Pennsylvania’s government hopes to put together a new economic development strategy to increase competition.

“We’re clear-eyed about where Pennsylvania stands in the national and global competitive business landscape,” said Rick Siger, secretary of the Pennsylvania Department of Community and Economic Development (DCED), during a recent event at Kutztown University. “And although we have incredible assets for business growth, we also know that right now, other states are ahead of us.”

The state’s last economic development blueprint was developed during the Rendell administration, according to Siger. He portrayed the forthcoming plan as a guiding g light for the next decade. “We have to shoot high, be ambitious, and set big goals.”

Siger’s big goals appear to be streamlining the nearly 200 DCED programs. The plan is to eventually make recommendations that will include eliminating programs that aren’t working. That would allow DCED to focus “on a smaller number of high-impact programs that are most relevant to businesses of all sizes,” Siger told DVJournal. “Also being considered is increased emphasis on the innovation capabilities we have across Pennsylvania by investing in the areas where our regions excel and using aggressive approaches to grow in key sectors where we lead the U.S. and the world.”

This reexamination of Pennsylvania’s business development strategy comes after an Independent Fiscal Office study of the state’s tax credits policy. It found just seven of the state’s 20 tax credits were accomplishing their legislative intent. The review noted that only the Entertainment and Neighborhood Assistance discounts received positive marks from the IFO.

Those credits cost taxpayers more than $500 million. They will cost taxpayers even more in the future now that the legislature has increased program caps for the Film Production credit, the Entertainment Economic Enhancement Program, and the Research and Development credit.

The Commonwealth Foundation said it is time for the taxpayer-funded subsidies to stop.

“Pennsylvania allocated a whopping $1.363 billion to corporate welfare this last fiscal year alone—that money could be better spent improving our business climate and strengthening our state’s competitiveness,” Elizabeth Stelle, director of policy analysis at the Commonwealth Foundation, told DVJournal. “Gov. Shapiro should make that his priority—rather than picking economic winners and losers through elaborate corporate welfare programs.”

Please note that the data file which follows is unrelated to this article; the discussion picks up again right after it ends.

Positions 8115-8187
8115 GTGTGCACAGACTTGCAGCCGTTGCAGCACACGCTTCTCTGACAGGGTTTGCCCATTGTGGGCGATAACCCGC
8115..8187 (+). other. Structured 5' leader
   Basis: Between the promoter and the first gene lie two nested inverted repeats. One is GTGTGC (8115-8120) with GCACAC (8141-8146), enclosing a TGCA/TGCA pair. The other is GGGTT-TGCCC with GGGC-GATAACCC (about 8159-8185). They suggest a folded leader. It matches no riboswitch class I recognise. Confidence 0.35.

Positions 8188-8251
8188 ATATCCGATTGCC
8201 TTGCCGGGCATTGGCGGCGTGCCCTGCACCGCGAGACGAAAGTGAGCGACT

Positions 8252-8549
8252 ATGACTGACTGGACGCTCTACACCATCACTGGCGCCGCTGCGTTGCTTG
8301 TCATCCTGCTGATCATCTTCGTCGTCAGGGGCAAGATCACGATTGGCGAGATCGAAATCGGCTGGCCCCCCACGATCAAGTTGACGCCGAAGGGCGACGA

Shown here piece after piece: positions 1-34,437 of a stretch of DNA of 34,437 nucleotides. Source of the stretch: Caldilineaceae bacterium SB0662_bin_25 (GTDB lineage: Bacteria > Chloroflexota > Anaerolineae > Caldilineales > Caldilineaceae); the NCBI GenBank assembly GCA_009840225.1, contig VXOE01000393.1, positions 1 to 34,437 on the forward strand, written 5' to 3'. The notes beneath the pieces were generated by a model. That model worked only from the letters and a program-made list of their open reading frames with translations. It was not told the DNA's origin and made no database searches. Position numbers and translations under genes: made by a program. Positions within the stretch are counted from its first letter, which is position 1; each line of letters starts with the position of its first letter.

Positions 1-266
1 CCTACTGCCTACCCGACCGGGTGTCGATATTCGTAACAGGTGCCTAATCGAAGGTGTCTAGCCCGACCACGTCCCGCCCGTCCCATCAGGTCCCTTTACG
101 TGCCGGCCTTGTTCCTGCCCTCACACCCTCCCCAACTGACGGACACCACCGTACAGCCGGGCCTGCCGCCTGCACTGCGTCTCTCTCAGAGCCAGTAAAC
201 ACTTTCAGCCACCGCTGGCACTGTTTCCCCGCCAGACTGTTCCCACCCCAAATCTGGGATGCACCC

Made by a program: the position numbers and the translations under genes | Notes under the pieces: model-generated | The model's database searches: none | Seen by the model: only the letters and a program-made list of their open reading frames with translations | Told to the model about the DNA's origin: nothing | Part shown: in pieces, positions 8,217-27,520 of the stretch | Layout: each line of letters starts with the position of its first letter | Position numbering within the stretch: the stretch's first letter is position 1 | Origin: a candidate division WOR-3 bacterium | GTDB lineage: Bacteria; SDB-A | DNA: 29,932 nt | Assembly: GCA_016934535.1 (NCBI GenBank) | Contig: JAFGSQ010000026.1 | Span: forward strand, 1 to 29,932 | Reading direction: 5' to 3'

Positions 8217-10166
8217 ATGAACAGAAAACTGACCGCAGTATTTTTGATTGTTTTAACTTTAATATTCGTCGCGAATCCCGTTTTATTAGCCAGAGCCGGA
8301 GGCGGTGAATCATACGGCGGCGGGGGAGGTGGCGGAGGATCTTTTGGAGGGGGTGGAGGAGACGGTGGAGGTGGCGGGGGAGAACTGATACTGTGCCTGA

That suggestion is unlikely as long as Shapiro is in office. He supports state-guided industrial policy, particularly in the green energy sector. Siger is on board, too.

“The commonwealth has always been a national energy leader and has played a pivotal role in each energy transition. Pennsylvania is now positioning itself as a leader of our country’s clean energy future and is working to create thousands of new, family-sustaining jobs,” Siger said.

Green energy advocates want the Keystone State to be exactly that on energy transition: a keystone to the future.

“We’ve seen considerable growth and considerable job growth, particularly in renewable generation like solar and wind,” said Rob Altenburg, director of PennFuture Energy Center. “We’re seeing a whole lot of growth in energy efficiency and…we see a lot of potential growth in the electric vehicle industry…those are really the things that we should be investing in and making sure we bring them to Pennsylvania.”

What Altenburg did not mention was the cost to taxpayers for green subsidies, including up to $3,000 from the state for buying a battery electric vehicle.

Business groups agree a diverse energy sector is needed, but they see deregulation as a faster and more efficient approach.

“Business, labor, Democrats, and Republicans all agree that our current permitting system is outdated and inefficient and that Pennsylvania loses out on significant investment as a result,” said Luke Bernstein, president and CEO of the Pennsylvania Chamber of Business and Industry. “That’s why we developed a comprehensive permitting reform framework and have rallied behind the bipartisan reforms contained within Senate Bill 350, which passed the state Senate earlier this year. By building on Gov. Shapiro’s efforts to improve state operations through the Office of Transformation and Opportunity, these reforms would further help to modernize, streamline, and add much-needed transparency to the current process.”

Stelle agreed. but also pushed for a lower income tax. “By slightly reducing the corporate net income tax (CNIT) in 2023, Pennsylvania climbed the Tax Foundation’s business climate index, advancing two places to 31st in the nation. That’s a step in the right direction, but we can’t stop there. We must continue tearing down government barriers to job creation, reducing harmful taxes, and cutting the unnecessary regulatory red tape that’s costing our state $9.2 billion per year.”

Regardless of what DCED decides on its economic development plan, Chamber officials exude confidence in the future of the state. “Pennsylvania was ranked as having the most diverse economy out of all 50 states, and our $915 billion GDP makes us the sixth-largest state economy in America,” commented Bernstein. “By enacting bipartisan, pro-growth tax and regulatory reforms, we will be able to attract even more employers to our commonwealth. Doing so will help strengthen our economy and make Pennsylvania an even better place to work, live, and raise a family.”